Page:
Ross Wilkers

COMPANY OUTLOOK

Acquisitions and '5G.mil' on the mind of Lockheed's CEO

Lockheed Martin has completed one acquisition so far into Jim’s Taiclet’s tenure as chief executive and sounds like more could happen o carry the company's and his idea of “5G.mil” forward.

During Lockheed’s third quarter earnings call Tuesday, Taiclet told investors the defense company is examining both further M&A transactions and forming joint ventures with other firms and particularly some in the commercial technology landscape.

Taiclet, who succeeded Marillyn Hewson in June, highlighted the company’s acquisition earlier in October of the hypersonics portfolio formerly held by Integration Innovation Inc. or i3.

"(I3) gives us a novel capability in thermal management for hypersonic glide bodies, which is something we wanted to bring in house and accelerate our own potential for developing that piece of the technology that’s absolutely critical,” Taiclet told analysts.

M&A and partnerships both aim to “thicken our portfolio and also to bring the technologies faster into the company that we think are going to be crucial for the future,” Taiclet said.

Lockheed also believes the 5G.mil concept is one of those crucial areas of the future regardless of the macro environment the company and sector find themselves in.

The Defense Department took one step toward more of a 5G future earlier in October when it announced $600 million in further awards to a mix of telecommunications firms and government IT systems integrators for further testing and experimentation at five military sites.

DOD’s ongoing efforts on the testbed and implementation front are in pursuit of standard 5G terrestrial communications based on what is available in the commercial market. Lockheed’s play in the 5G.mil arena will not be on that front, Taiclet indicated.

“We’re interested in operationalizing the technical capabilities of 5G waveforms, and technology software and hardware, to improve our defense products and our defense products’ performance in an interrelated way,” he said.

“That’s a derivative of having the network in place,” Taiclet added. “We need a global 5G connectivity platform.”

From having that basic connectivity in place, what else is needed in a 5G.mil construct in Lockheed’s eyes?

“We need edge compute nodes and edge transmission points to be able to get into battle outside the bases,” Taiclet said. “We’re really talking more about how you go to war on a battlefield and bring with you and have available to you the throughput of data, the latency benefits and the ability to do software-defined networks and manage spectrum dynamically on the battlefield.”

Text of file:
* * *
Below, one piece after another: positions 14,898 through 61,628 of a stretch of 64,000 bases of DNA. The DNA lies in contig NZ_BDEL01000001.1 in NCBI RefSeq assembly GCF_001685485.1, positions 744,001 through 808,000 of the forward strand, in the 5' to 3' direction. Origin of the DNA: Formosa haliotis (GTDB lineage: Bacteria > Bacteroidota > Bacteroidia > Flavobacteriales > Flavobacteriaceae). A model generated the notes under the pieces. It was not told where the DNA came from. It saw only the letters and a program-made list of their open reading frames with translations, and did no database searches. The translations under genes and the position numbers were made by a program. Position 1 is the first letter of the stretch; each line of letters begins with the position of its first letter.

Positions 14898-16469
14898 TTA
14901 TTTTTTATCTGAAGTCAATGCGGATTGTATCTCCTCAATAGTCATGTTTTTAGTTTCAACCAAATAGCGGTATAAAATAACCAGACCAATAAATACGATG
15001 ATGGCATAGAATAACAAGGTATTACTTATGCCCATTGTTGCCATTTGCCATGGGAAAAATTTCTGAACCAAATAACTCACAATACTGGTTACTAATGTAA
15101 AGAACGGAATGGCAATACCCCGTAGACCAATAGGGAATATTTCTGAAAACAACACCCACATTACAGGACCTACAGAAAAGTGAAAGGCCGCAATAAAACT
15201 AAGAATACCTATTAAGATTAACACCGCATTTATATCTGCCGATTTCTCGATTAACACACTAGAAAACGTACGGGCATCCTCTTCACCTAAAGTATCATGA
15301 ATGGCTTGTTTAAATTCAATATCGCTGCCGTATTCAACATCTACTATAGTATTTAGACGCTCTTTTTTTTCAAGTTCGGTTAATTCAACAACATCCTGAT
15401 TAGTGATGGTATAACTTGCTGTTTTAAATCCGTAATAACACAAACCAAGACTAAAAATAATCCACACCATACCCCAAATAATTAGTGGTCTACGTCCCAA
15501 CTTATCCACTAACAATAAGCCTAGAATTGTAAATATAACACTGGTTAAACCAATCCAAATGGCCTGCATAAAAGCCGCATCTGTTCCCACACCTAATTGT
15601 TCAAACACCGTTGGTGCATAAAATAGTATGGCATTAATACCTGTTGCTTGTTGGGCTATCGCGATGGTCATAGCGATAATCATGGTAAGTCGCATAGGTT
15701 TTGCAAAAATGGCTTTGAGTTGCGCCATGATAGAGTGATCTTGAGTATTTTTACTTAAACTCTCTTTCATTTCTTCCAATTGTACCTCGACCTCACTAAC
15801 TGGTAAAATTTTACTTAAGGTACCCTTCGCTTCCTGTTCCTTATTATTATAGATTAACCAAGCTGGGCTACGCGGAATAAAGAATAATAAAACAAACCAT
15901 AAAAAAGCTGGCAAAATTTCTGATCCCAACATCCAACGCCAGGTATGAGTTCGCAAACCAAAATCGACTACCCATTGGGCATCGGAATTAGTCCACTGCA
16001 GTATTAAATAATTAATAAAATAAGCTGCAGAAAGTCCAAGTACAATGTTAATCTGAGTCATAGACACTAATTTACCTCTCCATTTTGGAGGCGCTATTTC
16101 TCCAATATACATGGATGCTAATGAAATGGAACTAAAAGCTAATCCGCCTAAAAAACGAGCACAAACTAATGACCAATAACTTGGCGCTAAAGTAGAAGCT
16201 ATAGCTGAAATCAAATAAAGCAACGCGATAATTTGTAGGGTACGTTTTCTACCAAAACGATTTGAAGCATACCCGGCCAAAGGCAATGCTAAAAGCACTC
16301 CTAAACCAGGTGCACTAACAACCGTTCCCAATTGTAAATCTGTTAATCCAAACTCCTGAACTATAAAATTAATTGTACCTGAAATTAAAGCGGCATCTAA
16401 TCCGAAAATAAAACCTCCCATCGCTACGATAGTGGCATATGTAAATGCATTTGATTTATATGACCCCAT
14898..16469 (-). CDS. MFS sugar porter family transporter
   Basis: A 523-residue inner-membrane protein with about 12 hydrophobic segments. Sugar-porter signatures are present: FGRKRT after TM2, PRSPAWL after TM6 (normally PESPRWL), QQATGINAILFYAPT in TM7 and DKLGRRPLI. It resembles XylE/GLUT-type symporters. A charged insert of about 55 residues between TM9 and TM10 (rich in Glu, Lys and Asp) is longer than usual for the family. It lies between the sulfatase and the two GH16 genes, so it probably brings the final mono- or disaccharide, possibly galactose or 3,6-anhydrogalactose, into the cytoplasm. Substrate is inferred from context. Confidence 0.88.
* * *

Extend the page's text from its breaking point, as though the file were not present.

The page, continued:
Revenue in the third quarter climbed 9 percent from the prior year period to $16.5 billion and all four segments registered top-line growth, while profit rose 6 percent year-over-year to around $1.8 billion.

Sales are now expected to show 9-percent growth this year to $65.3 billion, compared to Wall Street’s outlook of $64.6 billion, with profit anticipated to jump 8 percent to $7.1 billion.

In addition, Lockheed gave an early glimpse at how it sees next year: 3-percent sales growth to $67 billion and an operating margin of between 10.9 and 11.1 percent. Lockheed’s stock was 2.3 percent lower to $374.70 in mid-afternoon trading as analysts expected next year’s preliminary sales outlook to be $68 billion.

Tuesday’s call with investors also included new information on what Lockheed has been up to during the coronavirus pandemic and how it has responded.

Since the pandemic’s start in March, Lockheed has hired around 12,000 new employees and accelerated $1.8 billion in payments to other businesses in the supply chain.

Taiclet said Lockheed is “engaged in discussions with the Defense Department regarding a macro settlement for issues caused by the virus.”

A section of the CARES Act economic relief law enacted in March allows contractors to get reimbursed for costs of keeping their workforces in a ready state if employees are not able to get to a designated government facility. Section 3610 of the CARES Act is slated to expire Dec. 11 and no funds have been appropriated for it yet.

About the Author

Ross Wilkers is a senior staff writer for Washington Technology. He can be reached at rwilkers@washingtontechnology.com. Follow him on Twitter: @rosswilkers. Also find and connect with him on LinkedIn.

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